The Bücker Bü-133 “Jungmeister” was a production biplane built in Germany before World War II and in Spain during the war. It was the single-seat version of the Bü-131A “Jungmann,” a two-place advanced aerobatic sport and training plane introduced in 1934 by Bücker Flugzeugbau in Berlin. The “Jungmann” became popular with the flying schools of Luftsportverband, a civil flying association during the early 1930s before military flight was allowed in Germany. In reality, the association trained the pilots who formed a clandestine air arm that later became the Luftwaffe.
Its modest size, plus a high power-to-weight ratio, with ailerons on both upper and lower wings, made it an excellent aerobatic aircraft. The aircraft dominated the aerobatic scene in Europe and the United States during the mid-1930s and 1940s.
This replica was built by the late Ken Larson, a museum volunteer and a former Braniff Airlines Captain using drawings by Frank Price and expert advice from Jim Swick. The construction was accomplished over a 2 year period from March 1970 to March 9, 1972. After completing its initial flight, Mr. Larson replaced the original 160 hp radial engine with a 260 hp Lycoming IO-540. He flew this aircraft in aerobatic competitions in the Intermediate Category from 1973 through 1999, winning at least 41 First Place Championships.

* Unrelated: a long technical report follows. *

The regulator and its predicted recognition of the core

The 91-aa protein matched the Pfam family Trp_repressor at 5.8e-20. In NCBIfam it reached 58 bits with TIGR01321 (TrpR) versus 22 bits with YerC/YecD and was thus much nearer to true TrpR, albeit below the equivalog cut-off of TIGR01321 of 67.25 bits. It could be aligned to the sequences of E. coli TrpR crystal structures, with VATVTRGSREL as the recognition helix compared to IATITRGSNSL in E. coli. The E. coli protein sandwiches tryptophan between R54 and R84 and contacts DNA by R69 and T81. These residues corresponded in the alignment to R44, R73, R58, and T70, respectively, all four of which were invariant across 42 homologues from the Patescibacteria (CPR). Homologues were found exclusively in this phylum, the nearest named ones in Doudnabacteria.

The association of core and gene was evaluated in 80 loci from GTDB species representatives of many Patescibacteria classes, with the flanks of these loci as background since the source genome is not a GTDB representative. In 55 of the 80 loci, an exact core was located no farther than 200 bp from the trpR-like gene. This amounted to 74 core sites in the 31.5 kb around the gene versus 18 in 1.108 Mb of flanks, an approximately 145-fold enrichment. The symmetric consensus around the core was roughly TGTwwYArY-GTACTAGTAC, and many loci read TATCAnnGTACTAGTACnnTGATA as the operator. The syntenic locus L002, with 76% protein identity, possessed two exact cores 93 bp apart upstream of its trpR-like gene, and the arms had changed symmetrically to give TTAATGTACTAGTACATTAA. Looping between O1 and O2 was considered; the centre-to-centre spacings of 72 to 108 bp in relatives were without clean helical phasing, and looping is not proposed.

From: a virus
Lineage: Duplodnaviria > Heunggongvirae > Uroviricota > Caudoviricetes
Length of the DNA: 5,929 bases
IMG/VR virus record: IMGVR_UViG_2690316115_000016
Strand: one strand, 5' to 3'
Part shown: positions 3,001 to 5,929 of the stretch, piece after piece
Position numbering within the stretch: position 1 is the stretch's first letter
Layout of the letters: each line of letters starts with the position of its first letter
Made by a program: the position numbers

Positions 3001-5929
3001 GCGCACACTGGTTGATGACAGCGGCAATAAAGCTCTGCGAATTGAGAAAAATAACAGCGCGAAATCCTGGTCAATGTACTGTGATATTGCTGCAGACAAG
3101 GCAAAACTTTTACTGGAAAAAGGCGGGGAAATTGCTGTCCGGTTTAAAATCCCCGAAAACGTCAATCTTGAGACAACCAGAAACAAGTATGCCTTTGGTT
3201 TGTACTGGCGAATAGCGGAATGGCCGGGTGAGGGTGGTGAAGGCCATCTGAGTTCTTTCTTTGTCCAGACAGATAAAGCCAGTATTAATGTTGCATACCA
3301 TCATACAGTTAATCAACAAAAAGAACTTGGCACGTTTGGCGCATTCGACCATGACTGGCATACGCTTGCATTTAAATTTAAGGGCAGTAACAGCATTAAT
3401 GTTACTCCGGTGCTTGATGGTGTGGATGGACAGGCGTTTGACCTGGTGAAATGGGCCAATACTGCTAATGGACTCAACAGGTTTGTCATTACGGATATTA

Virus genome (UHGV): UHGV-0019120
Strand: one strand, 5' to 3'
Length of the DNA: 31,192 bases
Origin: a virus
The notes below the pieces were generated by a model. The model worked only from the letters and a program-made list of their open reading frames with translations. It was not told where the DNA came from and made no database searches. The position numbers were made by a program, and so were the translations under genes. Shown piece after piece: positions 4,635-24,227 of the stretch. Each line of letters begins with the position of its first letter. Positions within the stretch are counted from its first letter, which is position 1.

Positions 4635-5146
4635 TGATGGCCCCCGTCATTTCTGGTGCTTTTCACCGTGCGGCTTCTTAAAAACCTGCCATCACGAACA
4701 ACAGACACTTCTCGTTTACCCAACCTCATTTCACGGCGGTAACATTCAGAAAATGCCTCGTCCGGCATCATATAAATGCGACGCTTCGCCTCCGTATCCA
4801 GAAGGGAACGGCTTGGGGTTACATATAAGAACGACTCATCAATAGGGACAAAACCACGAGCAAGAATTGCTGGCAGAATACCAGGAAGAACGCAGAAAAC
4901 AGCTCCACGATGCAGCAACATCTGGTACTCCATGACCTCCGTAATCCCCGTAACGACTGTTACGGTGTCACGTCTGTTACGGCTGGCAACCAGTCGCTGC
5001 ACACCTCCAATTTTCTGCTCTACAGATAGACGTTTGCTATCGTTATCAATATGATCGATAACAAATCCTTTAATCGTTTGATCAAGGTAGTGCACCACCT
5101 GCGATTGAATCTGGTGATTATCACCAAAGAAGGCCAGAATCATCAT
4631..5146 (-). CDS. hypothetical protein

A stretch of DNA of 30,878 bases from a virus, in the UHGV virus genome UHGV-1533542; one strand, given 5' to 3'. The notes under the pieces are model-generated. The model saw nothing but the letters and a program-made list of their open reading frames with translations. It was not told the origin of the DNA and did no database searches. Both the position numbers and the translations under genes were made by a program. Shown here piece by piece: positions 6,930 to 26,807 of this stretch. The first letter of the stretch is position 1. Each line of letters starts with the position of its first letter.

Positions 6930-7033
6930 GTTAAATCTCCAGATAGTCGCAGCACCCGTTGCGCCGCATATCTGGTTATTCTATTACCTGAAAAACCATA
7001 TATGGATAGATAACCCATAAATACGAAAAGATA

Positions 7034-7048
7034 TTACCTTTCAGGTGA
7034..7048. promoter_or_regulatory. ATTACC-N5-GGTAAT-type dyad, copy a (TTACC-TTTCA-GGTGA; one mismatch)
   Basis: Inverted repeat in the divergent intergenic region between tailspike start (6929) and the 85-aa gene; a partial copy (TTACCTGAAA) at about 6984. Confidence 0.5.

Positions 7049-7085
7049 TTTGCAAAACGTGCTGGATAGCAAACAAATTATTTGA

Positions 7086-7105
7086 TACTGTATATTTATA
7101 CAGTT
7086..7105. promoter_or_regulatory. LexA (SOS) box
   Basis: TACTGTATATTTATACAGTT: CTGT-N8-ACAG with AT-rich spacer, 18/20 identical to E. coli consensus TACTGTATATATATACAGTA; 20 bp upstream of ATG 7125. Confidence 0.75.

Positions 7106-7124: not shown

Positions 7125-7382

Mr. Larsons’ flying career with Braniff spanned 35 years, beginning in Douglas DC-3s and ending in the Boeing 747. He was one of the first Braniff Captains to fly the Aerospatiale Concorde Supersonic Transport.
This aircraft was donated by builder and pilot Ken Larson and his wife Sammy. Both were long time volunteers of the Frontiers of Flight Museum.